Photo credit: Peter Della Penna
In Part 3 of DreamCricket's post-tour review of the CWC League Two tri-series in Florida, the configuration of USA's batting lineup is addressed as well as the overall selection policy heading into November's tour of Trinidad & Tobago for the CWI Super50 tournament.
By Peter Della Penna (Twitter @PeterDellaPenna)
Send Steven Taylor back up to open the batting
With the exception of his innings against Hong Kong at 2019 WCL Division Two in Namibia, Taylor has lacked the explosive bite in 50-over cricket at No. 3 that was long a hallmark of his game in his first seven years spent opening the batting for USA. The incumbent opening combo of Xavier Marshall and Jaskaran Malhotra have fared poorly during the last two tours.
Taylor’s two best ever knocks for USA in one-day cricket came at the top of the order against Nepal in 2013 (162 off 102 balls in Bermuda) and Oman (124* off 95 balls in Los Angeles). He does not have the technique nor the temperament to last 50 overs and bat through the innings like a true No. 3. He’s also not exceptional at rotating the strike either, something required in the middle overs.
Taylor is at his best when he’s clubbing boundaries with the field up in the first 10 overs. With few others justifying their place at the top of the order in recent times, it’s time to put Taylor back in the position where he has always delivered the most runs for USA and bring back the intimidation factor that made him such a feared and destructive player in the first phase of his career.
Move Monank Patel to No. 3 and Aaron Jones to No. 4
From the time he entered the USA squad, Monank has been USA’s best technician. It is he, not Taylor, who has the technique and temperament suited to occupy the No. 3 role, coming in to capitalize on whatever burst the opening pair can provide before anchoring the innings through to the 50th over. He is equally adept playing pace and spin, milking singles and doing things a No. 3 is supposed to do.
Aaron Jones is USA’s best runner between the wickets, a technique that is right up there with Monank and an excellent player of spin to milk singles with soft hands in the middle overs. But too often he has had to come in needing to salvage an innings at No. 5 instead of being in a position where he can be able to shape it before all hell breaks loose. He’s also someone who takes his time to get in at the crease and is ill-suited to slog on the rare days when USA’s top-order does perform and he doesn’t arrive until the 35th or 40th over. He’s on pace to become the fastest player in USA history to 1,000 runs in one-day cricket but would possibly be even more efficient if he were to bat one spot higher up.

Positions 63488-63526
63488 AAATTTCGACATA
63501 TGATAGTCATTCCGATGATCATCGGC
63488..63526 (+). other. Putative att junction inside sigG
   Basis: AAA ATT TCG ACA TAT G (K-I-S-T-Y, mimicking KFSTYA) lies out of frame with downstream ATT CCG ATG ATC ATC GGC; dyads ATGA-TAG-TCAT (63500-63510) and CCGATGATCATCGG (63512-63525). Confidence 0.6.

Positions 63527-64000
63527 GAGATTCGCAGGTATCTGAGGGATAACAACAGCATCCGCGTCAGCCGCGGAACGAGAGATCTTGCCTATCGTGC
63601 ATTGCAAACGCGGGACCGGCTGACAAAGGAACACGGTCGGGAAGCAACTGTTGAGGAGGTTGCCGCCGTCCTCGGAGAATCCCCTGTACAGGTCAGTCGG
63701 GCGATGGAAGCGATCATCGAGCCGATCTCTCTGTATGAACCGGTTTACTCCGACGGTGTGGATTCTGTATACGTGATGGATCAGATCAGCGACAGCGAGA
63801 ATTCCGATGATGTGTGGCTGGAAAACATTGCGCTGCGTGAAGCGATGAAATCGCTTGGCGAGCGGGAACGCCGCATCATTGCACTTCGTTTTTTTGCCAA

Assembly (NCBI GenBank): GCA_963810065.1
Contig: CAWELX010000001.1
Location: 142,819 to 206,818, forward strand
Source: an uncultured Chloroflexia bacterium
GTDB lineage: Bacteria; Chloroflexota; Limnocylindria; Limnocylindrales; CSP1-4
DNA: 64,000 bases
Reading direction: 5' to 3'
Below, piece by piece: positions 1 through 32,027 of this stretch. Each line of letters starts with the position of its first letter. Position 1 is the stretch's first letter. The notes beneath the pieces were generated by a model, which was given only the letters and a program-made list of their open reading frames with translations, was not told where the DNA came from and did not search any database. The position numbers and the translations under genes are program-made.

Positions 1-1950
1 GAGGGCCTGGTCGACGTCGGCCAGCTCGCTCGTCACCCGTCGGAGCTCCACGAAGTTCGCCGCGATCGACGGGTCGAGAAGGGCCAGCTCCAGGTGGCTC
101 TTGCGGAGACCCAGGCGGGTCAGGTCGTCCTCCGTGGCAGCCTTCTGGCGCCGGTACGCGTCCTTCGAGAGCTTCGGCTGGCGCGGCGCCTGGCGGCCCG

Sort out the wicketkeeper situation
As has been stated numerous times in recent tour reviews, Jaskaran Malhotra has not scored meaningful ones since his debut tour in February 2018. However, his glovework has been consistently tidy. The question is whether USA is content to have a keeper who they don’t expect to score runs or whether they expect him to be a true wicketkeeper-batsman in the modern era.
USA management tried Monank Patel as a wicketkeeper twice in Bermuda in August without much disruption. The reluctance to make it a full-time proposition seems centered around the fact that team management may not want to put Monank through a physical toll considering he has had back trouble at times on tours, beginning at WCL Division Three in Oman last year.
Another option, which seems unlikely but theoretically possible, is recalling Ibrahim Khaleel. His career one-day average with USA of 19.60 is not dissimilar from Malhotra’s 21.26. Khaleel is solid with the gloves, an outstanding player of spin and would slot in seamlessly into a middle-order slot, killing two birds with one stone with regards to solving part of the conundrum of having too many openers batting out of position in the team while also finding someone who can bat well against spin, an area where USA has consistently struggled in the last year since Khaleel was sacked.
The obvious impediment to Khaleel’s recall is the acrimonious nature of his axing in September 2018. Though it was never explicitly stated by either party, all the context clues indicated that there was a rift between Khaleel and Timil Patel (and possibly some other bowlers too) with regards to how Khaleel handled and managed his bowlers while captain, which many sources have stated was dictatorial in nature. No longer having the captaincy would solve part of that issue, but having him re-enter the team in general runs the risk of sparking divisions in the team and disrupting chemistry, which may be more trouble than it's worth. Unless team management is capable of clearing the air between Khaleel, Timil and anyone else who has an issue with the ex-captain, Khaleel’s chances of a recall appear remote.
Give opportunities to newer, younger, locally developed talent